"value" : "[concat('https://', reference(resourceId('Microsoft.Web/sites/', variables('funcAppName')), '2018-02-01').hostNames[0], '/api/UrlShortener?code=', listkeys(concat(resourceId('Microsoft.Web/sites/', variables('funcAppName')), '/host/default/'),'2016-08-01').functionKeys.default)]"
            "GitHubURL": {
                "value" : "[parameters('GitHubURL')]"
            "GitHubBranch": {
                "value" : "[parameters('GitHubBranch')]"
            "ExpireOn": {
                "value" : "[parameters('ExpireOn')]"
            "OwnerName": {
                "value" : "[parameters('OwnerName')]"


If we examine this node, we have the classic: name, type, dependsOn, resourceGroup, apiVersion. Here We really want the Azure Functions to be fully deployed so we need the FunctionApp to be created AND the GitHub sync to be complete, this is why there is also a dependency on Microsoft.Web/sites/sourcecontrols.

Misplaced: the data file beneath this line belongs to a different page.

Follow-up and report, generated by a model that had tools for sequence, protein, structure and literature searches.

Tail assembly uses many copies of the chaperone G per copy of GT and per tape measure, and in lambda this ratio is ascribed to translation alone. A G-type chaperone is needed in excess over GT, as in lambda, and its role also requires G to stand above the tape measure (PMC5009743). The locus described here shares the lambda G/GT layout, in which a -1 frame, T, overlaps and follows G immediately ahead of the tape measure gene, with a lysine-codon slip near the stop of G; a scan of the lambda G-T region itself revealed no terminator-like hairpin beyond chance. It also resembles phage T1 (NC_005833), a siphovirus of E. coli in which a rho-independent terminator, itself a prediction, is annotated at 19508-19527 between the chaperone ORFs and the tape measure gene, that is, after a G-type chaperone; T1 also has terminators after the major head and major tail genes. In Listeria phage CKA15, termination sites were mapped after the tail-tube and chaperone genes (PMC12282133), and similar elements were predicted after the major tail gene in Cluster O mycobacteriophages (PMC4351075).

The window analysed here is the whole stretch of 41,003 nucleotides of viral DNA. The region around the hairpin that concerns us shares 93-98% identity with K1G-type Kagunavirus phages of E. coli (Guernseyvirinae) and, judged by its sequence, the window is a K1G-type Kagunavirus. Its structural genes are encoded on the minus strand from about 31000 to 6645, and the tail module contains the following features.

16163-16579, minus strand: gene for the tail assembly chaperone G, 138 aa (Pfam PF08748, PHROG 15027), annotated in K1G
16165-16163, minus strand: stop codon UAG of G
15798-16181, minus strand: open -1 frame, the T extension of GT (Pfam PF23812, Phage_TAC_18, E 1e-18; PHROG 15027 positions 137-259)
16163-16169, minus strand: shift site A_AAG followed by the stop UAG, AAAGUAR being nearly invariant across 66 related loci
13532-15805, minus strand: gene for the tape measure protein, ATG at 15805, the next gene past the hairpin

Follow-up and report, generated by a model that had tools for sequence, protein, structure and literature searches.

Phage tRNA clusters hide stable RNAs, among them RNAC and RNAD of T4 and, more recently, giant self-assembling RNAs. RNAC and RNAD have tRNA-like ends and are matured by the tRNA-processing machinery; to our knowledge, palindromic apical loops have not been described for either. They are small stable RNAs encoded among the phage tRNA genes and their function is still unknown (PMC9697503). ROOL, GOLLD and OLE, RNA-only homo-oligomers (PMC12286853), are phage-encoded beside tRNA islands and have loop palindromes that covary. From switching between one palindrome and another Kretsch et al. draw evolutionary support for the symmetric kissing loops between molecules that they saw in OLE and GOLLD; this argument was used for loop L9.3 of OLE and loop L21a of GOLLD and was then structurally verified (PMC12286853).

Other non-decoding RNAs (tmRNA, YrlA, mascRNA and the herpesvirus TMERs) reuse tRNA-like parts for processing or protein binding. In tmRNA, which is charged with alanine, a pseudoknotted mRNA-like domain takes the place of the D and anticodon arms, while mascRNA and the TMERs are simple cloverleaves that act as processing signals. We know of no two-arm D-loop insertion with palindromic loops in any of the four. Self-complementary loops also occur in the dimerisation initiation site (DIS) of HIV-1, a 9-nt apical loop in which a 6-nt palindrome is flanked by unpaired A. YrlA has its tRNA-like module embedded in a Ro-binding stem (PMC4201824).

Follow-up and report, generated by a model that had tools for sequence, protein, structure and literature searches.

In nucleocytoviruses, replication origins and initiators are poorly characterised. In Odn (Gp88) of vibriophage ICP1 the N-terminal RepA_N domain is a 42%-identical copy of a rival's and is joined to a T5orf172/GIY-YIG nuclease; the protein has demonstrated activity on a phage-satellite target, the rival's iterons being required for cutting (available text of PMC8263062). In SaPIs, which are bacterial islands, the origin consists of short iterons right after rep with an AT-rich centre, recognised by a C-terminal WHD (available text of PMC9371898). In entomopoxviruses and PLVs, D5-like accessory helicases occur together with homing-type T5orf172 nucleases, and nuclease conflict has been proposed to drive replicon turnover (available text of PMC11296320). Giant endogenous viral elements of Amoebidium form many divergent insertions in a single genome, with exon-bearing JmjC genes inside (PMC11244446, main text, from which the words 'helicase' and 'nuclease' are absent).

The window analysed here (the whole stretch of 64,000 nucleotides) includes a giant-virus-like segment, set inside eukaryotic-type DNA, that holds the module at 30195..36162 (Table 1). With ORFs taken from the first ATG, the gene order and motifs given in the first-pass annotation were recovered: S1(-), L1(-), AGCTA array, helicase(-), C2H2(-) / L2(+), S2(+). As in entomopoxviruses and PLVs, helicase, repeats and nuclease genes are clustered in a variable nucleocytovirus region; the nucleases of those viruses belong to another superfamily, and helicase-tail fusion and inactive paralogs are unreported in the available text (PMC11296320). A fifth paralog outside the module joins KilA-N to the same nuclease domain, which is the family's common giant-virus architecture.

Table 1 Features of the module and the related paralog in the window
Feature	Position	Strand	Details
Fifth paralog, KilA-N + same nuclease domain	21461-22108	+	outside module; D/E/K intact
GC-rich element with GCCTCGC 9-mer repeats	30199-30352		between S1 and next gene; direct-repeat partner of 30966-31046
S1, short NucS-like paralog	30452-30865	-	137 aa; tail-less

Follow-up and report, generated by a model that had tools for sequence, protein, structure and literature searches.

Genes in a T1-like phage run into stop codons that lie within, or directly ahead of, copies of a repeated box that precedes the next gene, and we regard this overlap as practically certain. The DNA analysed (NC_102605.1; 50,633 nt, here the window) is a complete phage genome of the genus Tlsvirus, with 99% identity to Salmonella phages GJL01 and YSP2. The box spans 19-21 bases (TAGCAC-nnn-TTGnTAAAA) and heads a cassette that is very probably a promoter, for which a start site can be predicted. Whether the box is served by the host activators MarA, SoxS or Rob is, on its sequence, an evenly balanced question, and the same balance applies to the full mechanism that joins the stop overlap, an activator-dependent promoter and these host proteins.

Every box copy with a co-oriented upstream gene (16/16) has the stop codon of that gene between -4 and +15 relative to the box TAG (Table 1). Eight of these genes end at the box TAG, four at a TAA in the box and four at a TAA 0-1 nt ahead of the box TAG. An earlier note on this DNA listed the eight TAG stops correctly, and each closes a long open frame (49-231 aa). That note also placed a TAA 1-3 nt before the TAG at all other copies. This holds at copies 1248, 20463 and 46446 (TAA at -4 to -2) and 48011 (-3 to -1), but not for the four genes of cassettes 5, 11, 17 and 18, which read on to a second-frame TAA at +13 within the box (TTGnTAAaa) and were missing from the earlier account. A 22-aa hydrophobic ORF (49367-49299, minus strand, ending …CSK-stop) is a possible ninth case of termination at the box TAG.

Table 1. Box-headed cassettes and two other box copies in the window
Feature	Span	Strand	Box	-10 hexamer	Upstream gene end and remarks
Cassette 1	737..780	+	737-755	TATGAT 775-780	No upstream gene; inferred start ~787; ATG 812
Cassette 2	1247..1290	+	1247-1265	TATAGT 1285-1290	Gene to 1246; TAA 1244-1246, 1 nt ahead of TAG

In properties we will pass the mode as Incremental as it will leave unchanged resources that exist in the resource group but aren't specified in the template.

Learn more about the Azure Resource Manager deployment modes here as they are very powerful.

The second property is templateLink. This is really important as it's the URL to the other ARM template. That URI must not be a local file or a file that is only available on your local network. You must provide a URI value that downloadable as HTTP or HTTPS. In this case, it's a variable that contains the GitHub URL where the template is available.

Finally, we have the parameters, and this is how we pass the values to the second template. Let's skip those where I just pass the parameter value from the caller to the called, and focus on basename, AzureFunctionUrlListUrl, and AzureFunctionUrlShortenerUrl.

For basename I just add a prefix to the parameter basename received, this way the resource names will be different but we can still see the "connection". That's purely optional, you could have added this value in a parameter to azureDeploy.json, I prefer keeping the parameters a minimum as possible as I think it simplifies the deployment for the users.